30 Mind-Blowing Sales Stats That Will Change The Way You Sell
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[newsletter title=”Show Me The Data” call=”Get hard data on how to close more deals.”]
We’re serious about data.
Hard-hitting sales stats.
Our mantra is “Goodbye, opinions. Hello reality.”
Our product gives sales leaders data-backed insights into their sales team.
And our Gong Labs team pores through stats from millions of sales interactions to uncover actionable sales tips.
How do they do it?
By analyzing millions of sales interactions captured by Gong’s Revenue Intelligence Platform across web-conferencing, phone calls, and emails. Then they look at how seller and buyer actions impact success rates.
Here are the 30 most eye-popping, jaw-dropping, mind-melting sales stats we’ve ever uncovered.
Sales Stats for Prospecting
Sales Stat #1: DON’T use ROI in cold emails
Sharing ROI stats in cold emails is often shared as a “best practice.”
A lot of sales blogs say you should do it (good ones too!)
Using ROI language in a cold email decreases success rates* by 15%.
But don’t trust me outright. Instead, let me hit you with some Gong insights based on data:
*Sales success = meeting booked in the next 10 days
And even if buyers “buy into” your numbers, it’s too early!
Instead, describe the actual problem your service solves. Provide context.
Then back those claims with strong ROI.
Sales Stat #2: DON’T ask for time when booking meetings with cold emails
We’ve all shared a link to our calendar in a cold email.
Or asked “What does your calendar look like next week?”
Or “How is Tuesday, 9 AM?”
Confession: Guilty as charged.
STOP. STOP. STOP.
We crunched the stats, and it turns out the “Interest CTA” is the highest performing call to action for cold emails:
The Interest CTA sells the conversation, not the meeting.
Time is finite. Most of us wish we had more of it. Your buyers certainly do.
So why would they give away some of their precious time to you (an unknown)?
Interest, however, is not finite. It’s not a resource. Salespeople tend to have more success when they can effectively pique curiosity through an Interest CTA.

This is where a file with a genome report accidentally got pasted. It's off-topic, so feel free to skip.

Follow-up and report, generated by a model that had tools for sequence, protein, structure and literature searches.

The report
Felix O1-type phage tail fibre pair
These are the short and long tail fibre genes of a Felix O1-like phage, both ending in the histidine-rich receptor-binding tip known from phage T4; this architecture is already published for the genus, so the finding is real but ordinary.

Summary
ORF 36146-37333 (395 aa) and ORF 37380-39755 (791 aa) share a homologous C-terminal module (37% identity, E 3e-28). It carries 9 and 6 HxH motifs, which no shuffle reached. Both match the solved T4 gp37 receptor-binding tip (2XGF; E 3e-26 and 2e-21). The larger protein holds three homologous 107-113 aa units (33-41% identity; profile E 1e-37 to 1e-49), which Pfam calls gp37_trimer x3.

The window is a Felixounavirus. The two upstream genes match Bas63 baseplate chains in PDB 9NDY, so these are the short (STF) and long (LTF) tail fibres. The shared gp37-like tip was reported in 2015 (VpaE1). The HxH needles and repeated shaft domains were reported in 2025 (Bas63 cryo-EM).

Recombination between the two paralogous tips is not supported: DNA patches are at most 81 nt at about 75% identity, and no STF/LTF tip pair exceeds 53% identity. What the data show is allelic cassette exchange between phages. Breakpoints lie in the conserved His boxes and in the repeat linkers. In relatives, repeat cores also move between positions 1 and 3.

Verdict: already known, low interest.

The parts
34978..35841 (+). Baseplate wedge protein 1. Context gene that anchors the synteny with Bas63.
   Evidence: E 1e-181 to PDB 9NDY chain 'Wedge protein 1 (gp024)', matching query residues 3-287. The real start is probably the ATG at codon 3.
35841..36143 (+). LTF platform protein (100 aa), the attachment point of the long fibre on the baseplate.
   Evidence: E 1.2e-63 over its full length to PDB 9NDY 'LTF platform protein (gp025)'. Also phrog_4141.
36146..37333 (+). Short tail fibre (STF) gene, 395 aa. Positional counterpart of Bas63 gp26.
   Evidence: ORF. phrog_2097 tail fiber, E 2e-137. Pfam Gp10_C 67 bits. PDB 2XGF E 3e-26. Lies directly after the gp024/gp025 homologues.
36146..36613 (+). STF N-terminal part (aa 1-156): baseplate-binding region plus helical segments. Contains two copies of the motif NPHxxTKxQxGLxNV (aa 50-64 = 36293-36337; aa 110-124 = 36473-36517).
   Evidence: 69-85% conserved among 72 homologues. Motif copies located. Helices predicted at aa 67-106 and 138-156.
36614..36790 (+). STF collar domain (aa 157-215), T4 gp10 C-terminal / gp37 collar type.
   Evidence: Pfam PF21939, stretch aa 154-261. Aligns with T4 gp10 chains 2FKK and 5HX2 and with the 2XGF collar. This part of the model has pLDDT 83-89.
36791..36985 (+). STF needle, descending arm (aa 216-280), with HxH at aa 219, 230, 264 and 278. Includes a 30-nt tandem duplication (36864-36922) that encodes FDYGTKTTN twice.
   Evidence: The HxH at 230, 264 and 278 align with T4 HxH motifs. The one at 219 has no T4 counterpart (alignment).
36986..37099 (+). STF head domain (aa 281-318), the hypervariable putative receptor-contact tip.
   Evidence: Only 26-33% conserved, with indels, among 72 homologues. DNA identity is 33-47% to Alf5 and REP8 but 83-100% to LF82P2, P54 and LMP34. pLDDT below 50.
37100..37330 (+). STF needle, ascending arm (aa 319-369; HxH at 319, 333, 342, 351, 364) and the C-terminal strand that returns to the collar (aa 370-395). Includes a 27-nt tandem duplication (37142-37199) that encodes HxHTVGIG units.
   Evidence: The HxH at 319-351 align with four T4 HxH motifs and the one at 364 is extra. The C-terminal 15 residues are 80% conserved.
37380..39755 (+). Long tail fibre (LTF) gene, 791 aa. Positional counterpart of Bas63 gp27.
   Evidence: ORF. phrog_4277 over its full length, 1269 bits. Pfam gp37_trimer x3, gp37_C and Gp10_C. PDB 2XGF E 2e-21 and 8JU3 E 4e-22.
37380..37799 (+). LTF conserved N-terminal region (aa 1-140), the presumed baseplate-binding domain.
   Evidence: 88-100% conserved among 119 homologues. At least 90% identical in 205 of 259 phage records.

Need one more data point? Steve, a CRO friend, did an A|B test and shared the results with me in this email:
Need more? Grab our 43 Highly Effective Email CTAs cheat sheet.
Sales Stat #3: DON’T ask “Did I catch you at a bad time?”
There are only 3 responses to “Did I catch you at a bad time?”
- Silence, followed by phone hanging up sound. Annoyed prospect.
- Yes, yes, you did. Annoyed prospect.
- Nope. Perfect timing! I was hoping you’d call!
It turns out #1 and #2 happen far more often than #3.
Opening a cold call with “Did I catch you at a bad time?” drops your chances of booking a meeting by 40%.
The success rate for cold calls that opened with this line? 0.9%. Yes, that was POINT NINE percent.
Instead, try this:
Sales Stat #4: DO ask “How’ve you been?”
Open up your next cold call with the following question:
“How have you been?”
Using the “How have you been?” line resulted in a 6.6x higher success rate than the baseline.
Cold calls that led with this question resulted in a greater than 10% success rate.
Note: This is for the first (cold!) call. “How have you been?” implies a previous interaction. Nope.
This tactic works because it’s unexpected. It’s a “pattern interrupt,” meaning it scrambles the receiver’s brain. A good (for you) kind of scramble.
Try it on your next cold call. Report back.
Sales Stat #5: Open with the reason for your call
want crave reasons.
Give the people what they want!
The data prove it works: Stating the reason for (cold) call increases your success rate by 2.1x:
Put the buyer’s mind at ease by sharing the reason you are calling. Tell it early in the call, and don’t be afraid to repeat it later on in the conversation.
Reminder: Stats #4 and #5 (this one) are not one-offs. Instead, combine them with an opening to create a script like this:
Hi Kate, this is Jonathan Costet calling from Gong (state your full name and company name)
How’ve you been?
The reason for my call is…
Sales Stat #6: Avoid discovery
Your job in a cold call is not to listen. It’s to talk.
That’s counter to the advice we normally give sales reps. But remember, this is a cold call — your goal is to lock in a meeting… NOT learn more about the buyer’s needs (aka, discovery).
“Listen twice as much as you talk” doesn’t apply here.
In fact, the talk-to-listen ratio for successful cold calls is HIGHER than unsuccessful ones (55% talk vs. 45% listen):
Don’t want to land that meeting? Talk 42% of the time and listen 58%.
Save the discovery-type questions (“What are your top strategic priorities” for post-meeting booked.
Spend the time talking, trying to sell that first meeting, NOT asking probing questions and listening. There will be a time and place for that only if you schedule a meeting.
Sales Stats For Sales Calls
Sales Stat #7: Turn on your webcam!
2020 was the year of the video call (and a few “other” things).
Outside sales reps went from in-person meetings to calls over video. Inside sales reps jumped on the bandwagon and moved from phone-only to video chats.
But a video conversation without your camera turned on is just a phone call.
Turn on our webcam!